Hutten Family Farm
Sign Up or Login  

Hutten Family Farm Newsletter for Monday May 2, 2011

     We had a busy day in the fields today. It was quite sunny this afternoon but the wind was cold. We brought the artichoke transplants out of the heated greenhouse and planted them out in the cold wind. This would generally not be a good idea with most transplants but seems to work with artichokes.Since they are a biennial, we trick the plants into producing artichokes the first year by stressing them in the early spring cold. Last year we planted the bulk of our artichoke plants outside in early May. These plants essentially all produced fruit. A smaller second planting was transplanted outside in early June. This second planting grew big and beautiful plants but never produced any artichokes. I cannot make a living growing ornamental vegetable plants.Live and learn I guess.
     We will plant several other vegetables this week. I plan to transplant the first zucchini, scallopini,eggplant, pepper, and tomato plants later this week. These will all be covered with row cover to help protect them. We may have to use some of the row cover that is currently on other crops. The peas, snap peas, and snow peas that I seeded on March 22 are now about six inches high under the cover. Salad greens and french breakfast radishes that we seeded the same day will be ready to pick either thursday or friday this week. This would be the earliest date that I have ever picked spring planted vegetables from seed. Very exciting for me.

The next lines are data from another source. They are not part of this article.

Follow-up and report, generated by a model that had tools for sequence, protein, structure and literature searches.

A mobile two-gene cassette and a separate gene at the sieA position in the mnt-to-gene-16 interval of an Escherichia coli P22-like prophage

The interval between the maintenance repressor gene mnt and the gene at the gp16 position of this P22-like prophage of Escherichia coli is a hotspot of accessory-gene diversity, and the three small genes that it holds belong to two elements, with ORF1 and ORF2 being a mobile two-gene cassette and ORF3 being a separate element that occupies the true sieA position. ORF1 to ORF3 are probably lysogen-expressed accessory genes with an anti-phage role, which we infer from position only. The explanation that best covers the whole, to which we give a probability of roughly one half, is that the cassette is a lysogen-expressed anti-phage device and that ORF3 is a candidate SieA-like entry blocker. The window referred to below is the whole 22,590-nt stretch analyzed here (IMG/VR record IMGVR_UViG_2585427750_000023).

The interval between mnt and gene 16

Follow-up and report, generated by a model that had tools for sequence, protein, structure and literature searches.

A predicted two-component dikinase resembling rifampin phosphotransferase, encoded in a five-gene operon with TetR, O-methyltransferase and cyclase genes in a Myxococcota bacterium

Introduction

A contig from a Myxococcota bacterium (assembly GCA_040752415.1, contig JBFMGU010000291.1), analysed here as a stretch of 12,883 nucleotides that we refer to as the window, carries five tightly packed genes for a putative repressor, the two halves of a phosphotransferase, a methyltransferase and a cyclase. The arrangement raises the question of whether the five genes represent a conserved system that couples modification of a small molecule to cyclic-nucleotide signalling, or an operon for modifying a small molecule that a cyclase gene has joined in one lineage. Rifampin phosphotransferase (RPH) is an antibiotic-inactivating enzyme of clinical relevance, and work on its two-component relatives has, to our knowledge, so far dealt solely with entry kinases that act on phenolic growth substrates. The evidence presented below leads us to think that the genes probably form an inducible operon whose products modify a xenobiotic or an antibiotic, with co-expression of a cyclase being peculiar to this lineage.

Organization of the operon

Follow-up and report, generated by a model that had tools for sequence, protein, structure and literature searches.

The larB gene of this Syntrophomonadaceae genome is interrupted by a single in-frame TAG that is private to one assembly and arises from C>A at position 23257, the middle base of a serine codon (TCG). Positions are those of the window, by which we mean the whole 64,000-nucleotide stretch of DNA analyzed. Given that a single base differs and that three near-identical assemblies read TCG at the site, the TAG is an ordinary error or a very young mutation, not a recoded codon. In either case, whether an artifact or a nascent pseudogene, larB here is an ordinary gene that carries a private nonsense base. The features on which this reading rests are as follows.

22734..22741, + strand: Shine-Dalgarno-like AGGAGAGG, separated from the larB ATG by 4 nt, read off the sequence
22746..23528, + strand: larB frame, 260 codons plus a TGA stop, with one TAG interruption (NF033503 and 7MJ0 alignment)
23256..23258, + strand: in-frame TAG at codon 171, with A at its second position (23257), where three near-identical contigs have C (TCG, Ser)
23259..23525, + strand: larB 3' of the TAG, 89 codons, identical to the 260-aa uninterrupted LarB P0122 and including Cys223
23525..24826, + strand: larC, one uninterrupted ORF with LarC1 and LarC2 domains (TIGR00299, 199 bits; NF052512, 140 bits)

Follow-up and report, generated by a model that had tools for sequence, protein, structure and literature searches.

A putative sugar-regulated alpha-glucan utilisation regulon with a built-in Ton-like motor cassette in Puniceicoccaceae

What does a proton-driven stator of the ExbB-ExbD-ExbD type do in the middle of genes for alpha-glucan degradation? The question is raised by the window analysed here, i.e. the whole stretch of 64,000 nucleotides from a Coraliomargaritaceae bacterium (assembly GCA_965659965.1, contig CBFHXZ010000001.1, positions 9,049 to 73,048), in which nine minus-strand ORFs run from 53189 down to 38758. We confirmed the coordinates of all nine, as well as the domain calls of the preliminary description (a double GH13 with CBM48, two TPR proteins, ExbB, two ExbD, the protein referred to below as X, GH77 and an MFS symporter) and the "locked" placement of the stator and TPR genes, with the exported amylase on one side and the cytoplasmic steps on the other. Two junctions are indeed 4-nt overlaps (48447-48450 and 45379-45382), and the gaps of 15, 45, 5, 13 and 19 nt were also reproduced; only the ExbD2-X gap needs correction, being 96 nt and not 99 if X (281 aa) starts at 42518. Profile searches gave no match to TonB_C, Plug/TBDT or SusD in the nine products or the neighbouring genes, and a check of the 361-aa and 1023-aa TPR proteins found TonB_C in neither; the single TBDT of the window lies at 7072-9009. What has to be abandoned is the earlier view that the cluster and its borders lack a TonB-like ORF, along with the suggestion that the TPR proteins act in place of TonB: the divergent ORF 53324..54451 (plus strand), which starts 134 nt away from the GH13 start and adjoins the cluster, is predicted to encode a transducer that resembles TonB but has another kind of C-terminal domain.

We will put more shanghai pac choi in the boxes this week. Beet greens are also ready. There will also be paper bags of mushrooms from Valley Mushrooms in Waterville. It looks like rhubarb, kale, and some field grown radishes for next week. We will have more Asian greens each week but I will limit the number in the boxes to one or two types each week so you do not overdose. Some people are running out of ideas for spinach but the end is near; at least for a while.
     You may also notice that we are trying to reduce the amount of plastic bags in the CSA boxes. I have had a few comments which I think are justified. Basically we will put items like spinach, arugula, basil, and salad leaves in bags and try to avoid them for other products.I hope this makes sense for everyone. 
     Have a good week.   Ted

Return to the list of newsletters